Asharq al-Awsat interviews Ayad Allawi (Iraiqya leader who's been meeting with the Kurdish leaders -- Iraqiya won the March 7, 2010 elections) and their first question for him is about his recent comments that there was a need for early elections and a need for a vote of no confidence on Nouri al-Maliki, has his opinion changed? He replies that nothing has changed and unless the Erbil Agreement is followed, as KRG President Barzani is insisting, then early elections need to be held. He states that they should be transparent and follow the election laws. (They put it is either/or. Allawi rejects that in his first answer and again near the end of the interview when he explains that first you do the vote of no-confidence in the current government and then you move to early elections.) Asked if he doesn't find it strange that 8 years after the end of Saddam Hussein's regime, Iraqi decisions are still spoken of in light of what the US wants or what Iran wants, Allawi replies that it is clear the government (Nouri) was negotiating with Iran on how to form a government -- down to the smallest details. He states that when he met with Bashar al-Assad, president of Syria [presumably in 2010], al-Assad stated he would be speaking with Iranian officials and what was the response to Adel Abdul al-Mahdi being prime minister. The point is to indicate that Iran was being catered to. (I'm sure the US was as well, however, Allawi focuses on Iran.) Adel Abdul al-Mahdi was, until recently, one of Iraq's two vice presidents. He's a member of the Supreme Islamic Iraqi Council. Big Oil supported him in 2006 for prime minister and they also wanted him in 2010. His announcement that he was resigning as vice president earlier this year may have been setting up another run for prime minister.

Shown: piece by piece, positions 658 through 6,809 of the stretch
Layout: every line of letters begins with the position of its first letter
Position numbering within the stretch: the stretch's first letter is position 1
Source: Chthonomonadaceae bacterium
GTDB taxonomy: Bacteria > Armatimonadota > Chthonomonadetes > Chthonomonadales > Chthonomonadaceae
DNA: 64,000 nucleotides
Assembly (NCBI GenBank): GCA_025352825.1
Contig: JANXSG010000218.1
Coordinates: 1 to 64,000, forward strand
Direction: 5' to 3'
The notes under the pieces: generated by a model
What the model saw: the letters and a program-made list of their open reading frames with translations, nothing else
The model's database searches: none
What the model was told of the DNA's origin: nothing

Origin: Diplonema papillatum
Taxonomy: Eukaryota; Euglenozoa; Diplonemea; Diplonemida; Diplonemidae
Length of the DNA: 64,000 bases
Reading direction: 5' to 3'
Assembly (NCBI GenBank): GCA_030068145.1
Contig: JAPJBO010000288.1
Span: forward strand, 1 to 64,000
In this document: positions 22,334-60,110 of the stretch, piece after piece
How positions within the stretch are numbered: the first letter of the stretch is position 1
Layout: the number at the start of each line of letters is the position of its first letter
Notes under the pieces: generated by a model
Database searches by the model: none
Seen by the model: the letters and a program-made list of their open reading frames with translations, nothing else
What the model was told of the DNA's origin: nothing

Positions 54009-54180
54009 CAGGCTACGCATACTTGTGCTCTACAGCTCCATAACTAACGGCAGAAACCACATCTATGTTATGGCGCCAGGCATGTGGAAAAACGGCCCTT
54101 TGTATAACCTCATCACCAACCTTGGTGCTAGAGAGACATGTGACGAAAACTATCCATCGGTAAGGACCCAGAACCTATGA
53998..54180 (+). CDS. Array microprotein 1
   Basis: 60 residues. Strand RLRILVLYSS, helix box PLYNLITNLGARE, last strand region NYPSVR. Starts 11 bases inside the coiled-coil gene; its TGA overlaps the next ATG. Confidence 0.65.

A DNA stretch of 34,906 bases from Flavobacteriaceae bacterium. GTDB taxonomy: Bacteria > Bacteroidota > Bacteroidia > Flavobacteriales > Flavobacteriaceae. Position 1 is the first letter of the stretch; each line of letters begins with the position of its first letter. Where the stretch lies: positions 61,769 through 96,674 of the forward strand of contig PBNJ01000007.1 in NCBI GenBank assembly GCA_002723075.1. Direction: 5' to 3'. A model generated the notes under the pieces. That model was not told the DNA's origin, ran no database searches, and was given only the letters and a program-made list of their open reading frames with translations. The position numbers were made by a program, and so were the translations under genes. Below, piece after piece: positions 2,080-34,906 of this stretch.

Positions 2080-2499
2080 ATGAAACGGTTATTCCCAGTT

Allawi states that the Erbil Agreement needs to be implemented, that the meet-up in Erbil and the agreement itself took place in a spirit to work together for Iraq and build something sincere but now "the other party" [the unnamed is Nouri] repeatedly finds excuses not to implement. Asked if the problem is the agreement, Allawi clearly states that the problem is "the other party" and that the agreement is clear. He rejects the notion of one-party rule and specifically names Nouri when rejecting it, stating that this is a private scheme of "Maliki" and not something with wide support even within Dawa (Dawa is Nouri's political party, State of Law is the slate Nouri ran with).

David Bacon's latest book is Illegal People -- How Globalization Creates Migration and Criminalizes Immigrants (Beacon Press) which won the CLR James Award. We'll close with this from Bacon's "Mexico's 'Indignados' have had it up to here" (TruthOut):

Last week Mexican President Felipe Calderon gave the fifth state of the nation speech since his (many say fraudulent) election in 2006. He didn't have an easy time finding a positive spin for the escalating toll exacted by his war on drug gangs -- 50,000 dead, mostly innocent civilians, in the last five years. Making his job even more difficult, just days earlier the war's bloody cost was highlighted when 52 people, mostly working women and retirees on their lunch hour, were burned to death in a fire set by the Zetas in a Monterrey casino. Since then Mexican newspapers have exposed a web of corruption linking businessmen, narcos and politicians from Calderon's own party in the enormous proliferation of gambling houses over the last several years.
Mexican casinos don't attract the wealthy, who congregate instead in Mexico City's rich neighborhoods, filled with glittering restaurants and shiny Hummers, patrolled by bodyguards to prevent the frequent kidnappings. Casinos are the refuge of Mexico's working poor, who hope a miracle of luck will pull them from the abyss of falling incomes and disappearing jobs.
That truth didn't make it into Calderon's improbably rosy assessment. But it did bring over fifty thousand Mexicans into the capital's main square, the zocalo, where they publicly ridiculed the gulf between his speech and their reality. Humberto Montes de Oca, international secretary of the Mexican Electrical Workers Union (SME), denounced Calderon for "trying to justify what he's done to the country. The people gathered here," he declared, "are the ones who've suffered under him. We know the way things really are. You can see the consequences of this terrible government in our lack of security and public safety, and our economy. The truth is that he's destroying our country."